Here’s How the Woman Behind the Camera on Insecure Properly Lights Its Black Actors

On screen, actors with darker skin have notoriously struggled with being properly seen in dimly lit scenes. Here’s what this HBO show does differently

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(Photo: Justina Mintz/HBO)

It’s no secret: Hollywood has historically lacked understanding about how to properly light Black actors’ faces. In 2014, Syreeta McFadden wrote an essay for Buzzfeed about photography’s inherited bias against dark skin and her own struggles: “The printed results failed to accurately represent my subjects, their shades obscured, their smiles blown out,” McFadden wrote. “I understood that some of this had to do with harmonizing the basic components of great image-making from the gear: film speed, aperture, and the ghost we all chase, light.”

Anyone who has watched Issa Rae’s Insecure—if you haven’t, you better get bingeing—knows that each 30-minute episode is a legitimate cinematic experience. Every scene and every location is filmed masterfully. From Molly’s bright lawyer’s office to Issa’s iconic pep talk in the mirror to whatever bumping bar the crew is hitting that night—there is never a moment when an actor’s face seems lost in the dark.

So, how does a show like Insecure, which features an entirely Black cast and many a scene in a dimly lit bar, make the actors’ facial expressions visible when there isn’t any natural light? Mic spoke to Ava Berkofsky, Insecure’s director of photography, about her techniques for properly lighting her actors and she makes all the magic we see on screen happen.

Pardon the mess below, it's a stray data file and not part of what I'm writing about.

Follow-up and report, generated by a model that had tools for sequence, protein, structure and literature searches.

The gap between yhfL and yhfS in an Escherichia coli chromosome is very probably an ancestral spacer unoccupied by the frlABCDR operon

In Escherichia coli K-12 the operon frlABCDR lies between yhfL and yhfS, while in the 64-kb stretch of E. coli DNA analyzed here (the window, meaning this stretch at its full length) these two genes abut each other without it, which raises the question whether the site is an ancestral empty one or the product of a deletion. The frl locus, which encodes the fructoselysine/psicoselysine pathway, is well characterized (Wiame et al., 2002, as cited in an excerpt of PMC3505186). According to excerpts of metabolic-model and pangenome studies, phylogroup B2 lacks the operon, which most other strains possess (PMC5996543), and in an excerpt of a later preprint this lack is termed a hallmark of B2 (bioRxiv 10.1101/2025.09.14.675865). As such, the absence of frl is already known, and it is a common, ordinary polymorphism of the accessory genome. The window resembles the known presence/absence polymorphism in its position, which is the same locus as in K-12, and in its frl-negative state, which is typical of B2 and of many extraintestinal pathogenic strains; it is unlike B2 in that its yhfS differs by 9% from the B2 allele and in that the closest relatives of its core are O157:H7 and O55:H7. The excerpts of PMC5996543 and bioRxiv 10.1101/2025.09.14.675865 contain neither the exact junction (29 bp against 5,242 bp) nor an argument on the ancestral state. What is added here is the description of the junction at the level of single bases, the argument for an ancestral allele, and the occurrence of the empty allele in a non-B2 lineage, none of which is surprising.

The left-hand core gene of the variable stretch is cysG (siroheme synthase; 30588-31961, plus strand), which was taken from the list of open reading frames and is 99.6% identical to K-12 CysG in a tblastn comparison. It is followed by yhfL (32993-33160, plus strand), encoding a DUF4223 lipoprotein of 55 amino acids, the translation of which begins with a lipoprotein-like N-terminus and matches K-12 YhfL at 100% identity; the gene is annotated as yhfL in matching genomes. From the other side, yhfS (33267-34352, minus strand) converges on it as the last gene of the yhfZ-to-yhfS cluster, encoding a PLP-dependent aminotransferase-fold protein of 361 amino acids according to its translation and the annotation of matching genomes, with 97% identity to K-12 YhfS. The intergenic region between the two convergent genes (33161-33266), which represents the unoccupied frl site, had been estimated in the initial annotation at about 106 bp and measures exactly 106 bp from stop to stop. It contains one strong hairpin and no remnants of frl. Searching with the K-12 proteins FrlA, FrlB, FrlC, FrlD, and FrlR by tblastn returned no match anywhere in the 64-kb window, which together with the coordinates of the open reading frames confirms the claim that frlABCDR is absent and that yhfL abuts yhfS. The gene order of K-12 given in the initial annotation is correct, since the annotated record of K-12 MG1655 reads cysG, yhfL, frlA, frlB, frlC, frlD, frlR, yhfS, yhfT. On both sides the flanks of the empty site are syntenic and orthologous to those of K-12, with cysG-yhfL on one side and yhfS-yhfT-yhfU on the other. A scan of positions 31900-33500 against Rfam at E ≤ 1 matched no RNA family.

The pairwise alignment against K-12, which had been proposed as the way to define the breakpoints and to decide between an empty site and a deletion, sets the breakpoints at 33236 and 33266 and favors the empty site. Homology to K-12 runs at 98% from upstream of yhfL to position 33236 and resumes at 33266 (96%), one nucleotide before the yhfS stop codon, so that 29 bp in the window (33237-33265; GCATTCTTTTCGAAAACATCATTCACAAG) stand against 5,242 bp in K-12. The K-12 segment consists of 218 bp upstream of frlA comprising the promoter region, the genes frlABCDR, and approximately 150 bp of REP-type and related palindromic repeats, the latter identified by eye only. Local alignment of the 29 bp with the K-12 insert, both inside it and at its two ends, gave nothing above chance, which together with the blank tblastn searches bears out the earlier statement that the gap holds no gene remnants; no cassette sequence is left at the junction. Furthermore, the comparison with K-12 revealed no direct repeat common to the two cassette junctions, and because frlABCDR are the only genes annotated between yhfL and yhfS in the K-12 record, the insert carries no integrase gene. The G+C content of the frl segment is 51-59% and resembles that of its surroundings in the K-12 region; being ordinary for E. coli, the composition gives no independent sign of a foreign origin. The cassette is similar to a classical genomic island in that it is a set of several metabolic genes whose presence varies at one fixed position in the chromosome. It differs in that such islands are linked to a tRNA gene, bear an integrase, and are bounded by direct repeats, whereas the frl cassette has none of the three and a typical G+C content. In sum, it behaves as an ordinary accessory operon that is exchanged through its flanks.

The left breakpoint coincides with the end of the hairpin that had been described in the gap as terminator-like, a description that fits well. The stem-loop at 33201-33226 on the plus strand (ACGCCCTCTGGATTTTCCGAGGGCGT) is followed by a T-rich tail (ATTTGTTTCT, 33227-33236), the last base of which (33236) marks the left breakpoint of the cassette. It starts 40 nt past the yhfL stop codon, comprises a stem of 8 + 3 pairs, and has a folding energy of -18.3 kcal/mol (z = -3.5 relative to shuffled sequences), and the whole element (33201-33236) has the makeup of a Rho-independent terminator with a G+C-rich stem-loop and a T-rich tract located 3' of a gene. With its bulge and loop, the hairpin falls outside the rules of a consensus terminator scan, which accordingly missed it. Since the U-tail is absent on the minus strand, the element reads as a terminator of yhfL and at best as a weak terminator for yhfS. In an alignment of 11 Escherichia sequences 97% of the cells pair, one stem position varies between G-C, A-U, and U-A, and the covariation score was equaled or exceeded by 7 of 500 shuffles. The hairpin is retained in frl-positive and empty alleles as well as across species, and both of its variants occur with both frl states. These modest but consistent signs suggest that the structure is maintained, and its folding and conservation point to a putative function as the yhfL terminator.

issa dee in bar

(photo: hbo)

“When I was in film school, no one ever talked about lighting non-white people,” Berkofsky tells Mic. “The conventional way of doing things was that if you put the skin tones around 70 IRE, it’s going to look right.” IRE is a unit used in the measurement of composite video signals, ranging from 0 to 100. “If you’ve got black skin, [dialing it] up to 50 or 70 is just going to make the rest of the image look weird,” explains Berkofsky. This was the technique used on The Fresh Prince of Bel-Air, which is why the images were so bright and largely without contrast.

To bring it all together, Berkofsky says a makeup artist on set uses a reflective base on the skin. Then, instead of shining light directly on the scene, Berkofsky reflects light off the actors’ faces with a whiteboard that has several little LED lights inside (a.k.a. S2 LiteMat 4s). As well, Berkofsky places a polarizer filter over the lens of the camera: “People use them when shooting glass, or cars, or any surface that intensely reflects light. The filter affects how much reflection a window, or any surface has. The same principal works with skin, and this can be a highly effective way to shape the reflected light on an actors face,” she explains.

Peep the full video explaining Berkofsky’s technique here:

Considering how often Black actors struggle to be adequately seen in dark scenes, the Twittersphere is praising Berkofsky for her work.

Related:
Toronto Black Film Festival’s Fabienne Colas: “We Need Diversity”
Will This New Initiative Attract More Black Students to Med School?
The Mindy Project’s Take on Male Privilege Is Required Viewing

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